Explore clinical physiology
Have you, or anyone you know, had an ECG (a tracing of the electrical activity of the heart)? Perhaps you've had a breathing test? These tests and many more are performed by qualified cardiovascular or respiratory/sleep healthcare science practitioners. If you're interested in becoming one, this online taster will help you learn more about the roles.
It's an introduction to healthcare science, in three parts:
Each part consists of a video lecture (approximately ten minutes long); a list of recommended reading, websites and social media channels to follow; as well as an optional quiz if you want to test your knowledge. The three parts build on each other so we recommend you complete them in sequence.
No, you don't need to sign up – just watch the video today to get started on part one!
If you have questions about content or technical difficulties with the website, please ask us a question.
Healthcare science is a general title for the area where practitioners diagnose and treat illnesses using a range of highly specialised equipment. Healthcare science practitioners work in four main disciplines: life sciences, physiological sciences, physical sciences and biomechanical engineering, and bioinformatics.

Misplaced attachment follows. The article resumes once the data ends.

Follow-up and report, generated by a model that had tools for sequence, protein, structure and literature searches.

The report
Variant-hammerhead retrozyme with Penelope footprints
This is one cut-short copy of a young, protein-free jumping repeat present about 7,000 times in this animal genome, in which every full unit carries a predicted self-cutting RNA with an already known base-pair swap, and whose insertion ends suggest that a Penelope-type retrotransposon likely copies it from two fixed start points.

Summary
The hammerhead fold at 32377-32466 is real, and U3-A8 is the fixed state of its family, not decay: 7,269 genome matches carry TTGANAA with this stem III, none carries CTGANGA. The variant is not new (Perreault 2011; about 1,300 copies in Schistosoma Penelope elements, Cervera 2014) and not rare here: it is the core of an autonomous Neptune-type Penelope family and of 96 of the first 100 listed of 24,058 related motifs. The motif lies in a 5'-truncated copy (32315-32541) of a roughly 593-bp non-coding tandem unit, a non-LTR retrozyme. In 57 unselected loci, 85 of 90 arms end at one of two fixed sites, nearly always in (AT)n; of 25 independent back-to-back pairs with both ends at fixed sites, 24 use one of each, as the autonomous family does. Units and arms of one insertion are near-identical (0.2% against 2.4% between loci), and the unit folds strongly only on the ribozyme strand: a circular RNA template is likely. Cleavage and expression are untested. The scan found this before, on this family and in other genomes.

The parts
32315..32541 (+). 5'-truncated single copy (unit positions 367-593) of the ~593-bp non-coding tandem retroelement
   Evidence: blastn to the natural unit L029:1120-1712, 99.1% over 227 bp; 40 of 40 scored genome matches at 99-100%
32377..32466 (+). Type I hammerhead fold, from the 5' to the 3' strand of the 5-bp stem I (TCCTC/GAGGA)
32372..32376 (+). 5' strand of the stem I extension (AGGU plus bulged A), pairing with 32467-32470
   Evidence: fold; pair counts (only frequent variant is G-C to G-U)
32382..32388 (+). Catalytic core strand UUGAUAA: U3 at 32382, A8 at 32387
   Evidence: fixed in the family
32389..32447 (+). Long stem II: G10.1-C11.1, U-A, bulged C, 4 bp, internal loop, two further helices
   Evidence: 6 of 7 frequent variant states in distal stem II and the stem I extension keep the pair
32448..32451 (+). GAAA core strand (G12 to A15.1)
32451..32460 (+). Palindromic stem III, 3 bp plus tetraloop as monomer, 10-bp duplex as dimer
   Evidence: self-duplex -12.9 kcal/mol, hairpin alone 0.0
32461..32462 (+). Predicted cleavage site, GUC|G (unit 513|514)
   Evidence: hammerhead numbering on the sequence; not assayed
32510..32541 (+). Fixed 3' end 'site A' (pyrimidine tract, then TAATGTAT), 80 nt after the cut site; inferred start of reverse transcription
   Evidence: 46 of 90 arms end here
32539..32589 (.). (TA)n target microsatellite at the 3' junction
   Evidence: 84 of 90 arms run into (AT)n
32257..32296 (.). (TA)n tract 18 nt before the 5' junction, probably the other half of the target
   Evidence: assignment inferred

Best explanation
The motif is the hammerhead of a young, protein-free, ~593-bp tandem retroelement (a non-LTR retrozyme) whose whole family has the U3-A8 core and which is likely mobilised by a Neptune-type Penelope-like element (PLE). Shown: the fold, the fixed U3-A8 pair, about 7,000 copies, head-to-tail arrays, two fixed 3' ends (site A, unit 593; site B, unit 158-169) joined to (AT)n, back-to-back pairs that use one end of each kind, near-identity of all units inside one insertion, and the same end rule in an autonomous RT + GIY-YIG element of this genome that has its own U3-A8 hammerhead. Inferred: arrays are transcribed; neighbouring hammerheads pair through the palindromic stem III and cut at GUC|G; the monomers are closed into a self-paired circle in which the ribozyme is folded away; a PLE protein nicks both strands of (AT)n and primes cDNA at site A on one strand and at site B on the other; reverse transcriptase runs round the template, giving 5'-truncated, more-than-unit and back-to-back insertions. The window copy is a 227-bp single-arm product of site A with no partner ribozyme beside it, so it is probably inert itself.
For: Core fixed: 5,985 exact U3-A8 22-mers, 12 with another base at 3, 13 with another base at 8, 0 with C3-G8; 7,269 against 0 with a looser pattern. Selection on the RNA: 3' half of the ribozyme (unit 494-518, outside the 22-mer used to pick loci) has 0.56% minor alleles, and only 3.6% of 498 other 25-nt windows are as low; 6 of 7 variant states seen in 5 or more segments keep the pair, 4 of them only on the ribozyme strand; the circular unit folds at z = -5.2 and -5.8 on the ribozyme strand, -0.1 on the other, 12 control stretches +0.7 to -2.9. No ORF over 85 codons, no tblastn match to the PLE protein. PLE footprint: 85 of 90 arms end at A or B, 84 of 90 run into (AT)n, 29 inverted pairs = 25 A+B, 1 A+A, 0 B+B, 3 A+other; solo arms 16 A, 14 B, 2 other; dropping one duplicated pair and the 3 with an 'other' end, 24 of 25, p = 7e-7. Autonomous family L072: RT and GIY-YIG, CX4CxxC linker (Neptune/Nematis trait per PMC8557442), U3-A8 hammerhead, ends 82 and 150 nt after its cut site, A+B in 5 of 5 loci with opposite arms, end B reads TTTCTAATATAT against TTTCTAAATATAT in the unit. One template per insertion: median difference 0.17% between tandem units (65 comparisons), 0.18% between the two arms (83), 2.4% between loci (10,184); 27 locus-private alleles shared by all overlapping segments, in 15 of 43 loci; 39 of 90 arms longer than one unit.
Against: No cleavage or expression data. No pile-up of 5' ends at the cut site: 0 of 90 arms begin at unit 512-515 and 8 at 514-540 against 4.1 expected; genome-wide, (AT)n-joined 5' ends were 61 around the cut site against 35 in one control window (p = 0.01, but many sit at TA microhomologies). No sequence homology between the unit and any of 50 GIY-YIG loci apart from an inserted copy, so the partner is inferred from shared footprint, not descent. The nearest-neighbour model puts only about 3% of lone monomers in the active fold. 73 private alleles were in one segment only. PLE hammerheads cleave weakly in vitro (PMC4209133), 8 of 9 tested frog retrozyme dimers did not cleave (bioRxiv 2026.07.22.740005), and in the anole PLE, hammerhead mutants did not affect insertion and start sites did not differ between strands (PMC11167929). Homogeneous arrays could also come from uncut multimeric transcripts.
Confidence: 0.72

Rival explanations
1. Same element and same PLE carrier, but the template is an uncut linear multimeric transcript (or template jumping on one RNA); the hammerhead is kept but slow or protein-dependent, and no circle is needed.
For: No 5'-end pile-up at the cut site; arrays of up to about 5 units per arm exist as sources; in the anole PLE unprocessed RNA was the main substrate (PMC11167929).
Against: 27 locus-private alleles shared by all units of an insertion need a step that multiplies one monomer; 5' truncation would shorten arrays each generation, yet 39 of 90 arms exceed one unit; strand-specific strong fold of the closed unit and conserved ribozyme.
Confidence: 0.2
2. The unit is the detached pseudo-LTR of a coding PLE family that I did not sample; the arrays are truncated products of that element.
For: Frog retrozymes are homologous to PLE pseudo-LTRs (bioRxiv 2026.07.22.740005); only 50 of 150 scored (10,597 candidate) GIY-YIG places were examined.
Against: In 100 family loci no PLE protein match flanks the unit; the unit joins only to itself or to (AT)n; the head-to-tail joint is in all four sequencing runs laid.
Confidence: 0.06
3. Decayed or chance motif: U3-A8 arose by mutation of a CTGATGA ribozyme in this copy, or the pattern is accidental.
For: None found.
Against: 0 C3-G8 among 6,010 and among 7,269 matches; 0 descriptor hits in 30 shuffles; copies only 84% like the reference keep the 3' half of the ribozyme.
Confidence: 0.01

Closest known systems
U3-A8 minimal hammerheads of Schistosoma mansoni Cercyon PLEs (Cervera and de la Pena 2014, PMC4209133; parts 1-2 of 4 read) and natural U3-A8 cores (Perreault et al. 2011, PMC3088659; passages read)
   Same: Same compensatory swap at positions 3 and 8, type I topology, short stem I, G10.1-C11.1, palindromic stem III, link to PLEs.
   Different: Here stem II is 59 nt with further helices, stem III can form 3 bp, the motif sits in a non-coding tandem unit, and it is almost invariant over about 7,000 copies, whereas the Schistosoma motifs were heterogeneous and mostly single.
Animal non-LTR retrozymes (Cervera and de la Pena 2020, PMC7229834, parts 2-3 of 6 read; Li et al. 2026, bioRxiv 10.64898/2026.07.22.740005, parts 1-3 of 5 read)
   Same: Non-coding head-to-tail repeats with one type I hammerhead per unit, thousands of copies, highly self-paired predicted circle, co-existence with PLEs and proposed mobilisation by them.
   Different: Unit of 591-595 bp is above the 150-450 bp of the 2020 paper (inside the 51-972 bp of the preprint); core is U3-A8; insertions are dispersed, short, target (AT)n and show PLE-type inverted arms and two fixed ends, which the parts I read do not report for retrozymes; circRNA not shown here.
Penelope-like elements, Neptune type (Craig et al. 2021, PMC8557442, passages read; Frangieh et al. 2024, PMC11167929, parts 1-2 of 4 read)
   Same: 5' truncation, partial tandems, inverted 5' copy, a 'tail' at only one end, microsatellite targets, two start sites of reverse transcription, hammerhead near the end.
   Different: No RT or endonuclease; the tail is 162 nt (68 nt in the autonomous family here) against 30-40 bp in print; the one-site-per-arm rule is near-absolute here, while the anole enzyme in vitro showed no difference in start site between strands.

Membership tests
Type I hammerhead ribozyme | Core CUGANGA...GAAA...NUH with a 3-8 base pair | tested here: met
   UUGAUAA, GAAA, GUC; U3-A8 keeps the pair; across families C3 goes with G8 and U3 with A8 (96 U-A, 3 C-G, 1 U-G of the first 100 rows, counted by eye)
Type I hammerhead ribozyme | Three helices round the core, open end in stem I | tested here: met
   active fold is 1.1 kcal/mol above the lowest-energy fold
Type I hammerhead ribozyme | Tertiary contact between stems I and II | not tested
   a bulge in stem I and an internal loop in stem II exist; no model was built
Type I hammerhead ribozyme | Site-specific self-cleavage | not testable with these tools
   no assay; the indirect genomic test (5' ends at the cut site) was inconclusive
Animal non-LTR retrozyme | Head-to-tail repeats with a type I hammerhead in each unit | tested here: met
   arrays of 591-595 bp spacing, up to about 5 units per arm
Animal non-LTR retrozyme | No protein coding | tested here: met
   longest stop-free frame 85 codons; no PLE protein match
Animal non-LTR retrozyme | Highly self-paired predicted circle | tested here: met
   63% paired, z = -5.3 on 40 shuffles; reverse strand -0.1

Cardiovascular or respiratory/sleep practitioners specialising in physiological sciences (also called clinical physiologists) usually work in clinical environments, such as outpatient clinics, wards, or within specialist departments that involve a lots of direct interaction with patients.
Physiological sciences also cover a variety of specialised areas: audiology, cardiac sciences, clinical perfusion, critical care science, gastrointestinal physiology, neurophysiology, ophthalmic and vision science, respiratory physiology and sleep sciences, urodynamic science, and vascular science.
Bundle branch block: Is a condition when there is a blockage or delay to one of the bundle branches.
Heart block: Is a condition when a patient's heart beats slowly or not in the correct rhythm because of a problem with the electrical pulses of the heart.
Pulmonary diseases: abnormal conditions related to a patient’s lungs.
Lung capacity: The volume of air in the lungs after the deepest breath.
Peak flow: Is the way to test and measure how quick a patient can blow the air out.
COPD (Chronic obstructive pulmonary disease): Is a condition that causes difficulties in breathing
Pulmonary fibrosis: Is a general term for the condition of the lungs with scar tissue
If you want to learn more about the definition of the medical terminologies please visit the NHS Choices website.